HOLLAND — While the transition from in-person instruction to remote learning has taken a lot of work for schools, Calvary Schools of Holland has been able to take the change in stride and keep kids engaged.


The school was able to have remote learning up and running March 16 — the first school day after the statewide school closure. Since then, Calvary hasn’t missed a day of school and school leaders say that 100 percent of students are taking part in daily lessons and that the school is on track with its curriculum.


“We feel very pleased with the quality of the home learning we’re offering,” Principal Cheryl Ward said. “We’ve worked hard at taking the quality of what we offer in class and being able to translate that over to a distance-learning operation.”


Each day, students will have at least one Zoom meeting with their teachers and classmates before finishing the “school day” with some independent work.


“We had to make sure we gave enough, but not too much,” Ward said. “Our younger students have a one-hour Zoom session every day. Then they have some home learning work as well. That would be for our elementary and some of our middle school students.


“When you hit high school, students do two or three classes in the morning between 9 a.m. and noon and also do some independent work.”


A big factor in having a smooth transition, according Ward and head of schools Bryan Walker, was frequent staff training and a shift to discussion-based learning in recent years.


“One of the things that really helped us were the things we were already doing in class,” Ward said. “Once we had started (discussion-based learning) in our normal sessions, that has moved seamlessly into our home-learning opportunity. With Zooms, it’s a lot of discussion. If you want to have student engagement, you’ve got to have students talking and interacting.”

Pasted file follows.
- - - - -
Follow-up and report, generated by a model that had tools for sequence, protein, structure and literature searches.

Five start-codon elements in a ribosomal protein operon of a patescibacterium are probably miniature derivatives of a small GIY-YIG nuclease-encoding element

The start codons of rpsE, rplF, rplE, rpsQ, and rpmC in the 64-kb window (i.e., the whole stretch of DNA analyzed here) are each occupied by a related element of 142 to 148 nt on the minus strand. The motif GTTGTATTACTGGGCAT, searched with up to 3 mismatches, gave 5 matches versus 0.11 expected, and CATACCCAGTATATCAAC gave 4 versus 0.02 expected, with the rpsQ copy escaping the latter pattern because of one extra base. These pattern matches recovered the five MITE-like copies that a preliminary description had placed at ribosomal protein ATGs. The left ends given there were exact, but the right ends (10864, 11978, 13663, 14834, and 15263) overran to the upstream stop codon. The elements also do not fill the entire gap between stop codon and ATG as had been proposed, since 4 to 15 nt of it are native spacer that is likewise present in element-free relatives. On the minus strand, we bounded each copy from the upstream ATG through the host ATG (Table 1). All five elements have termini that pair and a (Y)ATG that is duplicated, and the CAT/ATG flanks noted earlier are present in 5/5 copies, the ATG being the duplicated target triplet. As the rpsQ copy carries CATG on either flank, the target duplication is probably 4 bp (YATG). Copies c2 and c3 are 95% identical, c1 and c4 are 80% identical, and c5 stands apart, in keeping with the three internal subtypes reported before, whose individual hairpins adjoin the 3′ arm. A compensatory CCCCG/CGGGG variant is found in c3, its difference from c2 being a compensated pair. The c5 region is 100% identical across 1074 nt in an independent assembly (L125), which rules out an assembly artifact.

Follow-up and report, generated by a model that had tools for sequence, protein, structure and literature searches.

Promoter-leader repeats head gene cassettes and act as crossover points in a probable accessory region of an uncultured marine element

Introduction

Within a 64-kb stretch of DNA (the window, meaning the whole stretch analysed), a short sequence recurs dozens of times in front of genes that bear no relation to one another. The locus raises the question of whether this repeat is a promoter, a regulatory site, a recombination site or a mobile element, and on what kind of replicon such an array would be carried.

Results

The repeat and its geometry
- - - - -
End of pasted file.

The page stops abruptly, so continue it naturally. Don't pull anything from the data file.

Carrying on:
“We were able to get there because of all the training we do regularly,” Walker added. “Our ability to help students enjoy learning and faculty to enjoy teaching allowed us to pivot in that space.”


Ward said providing meaningful instruction was the main goal of Calvary’s remote learning.


“Our highest priority was we wanted to make sure there was real instruction happening and our curriculum was going to move forward,” she said. “We didn’t just want to educationally have students occupied, we wanted them actually moving forward in learning.”


While private schools aren’t required to get approval from intermediate school districts for remote learning plans like public schools are, Calvary still sought approval from the Ottawa Area ISD, and received high marks.


“We respect what the OAISD does and the leadership there,” Walker said. “We gave our program to the ISD for their review and we got really positive feedback.”


Ward added that parents have been a big help in the school achieving 100 percent participation as well.


“Parents really help out with this, too,” she said. “We really have just come together. Our parents understand the importance of working together toward this. There’s a strong sense of school unity and some real healthy pride in what we can accomplish together.”


— Contact reporter Mitchell Boatman at mboatman@hollandsentinel.com. Follow him on Twitter @SentinelMitch.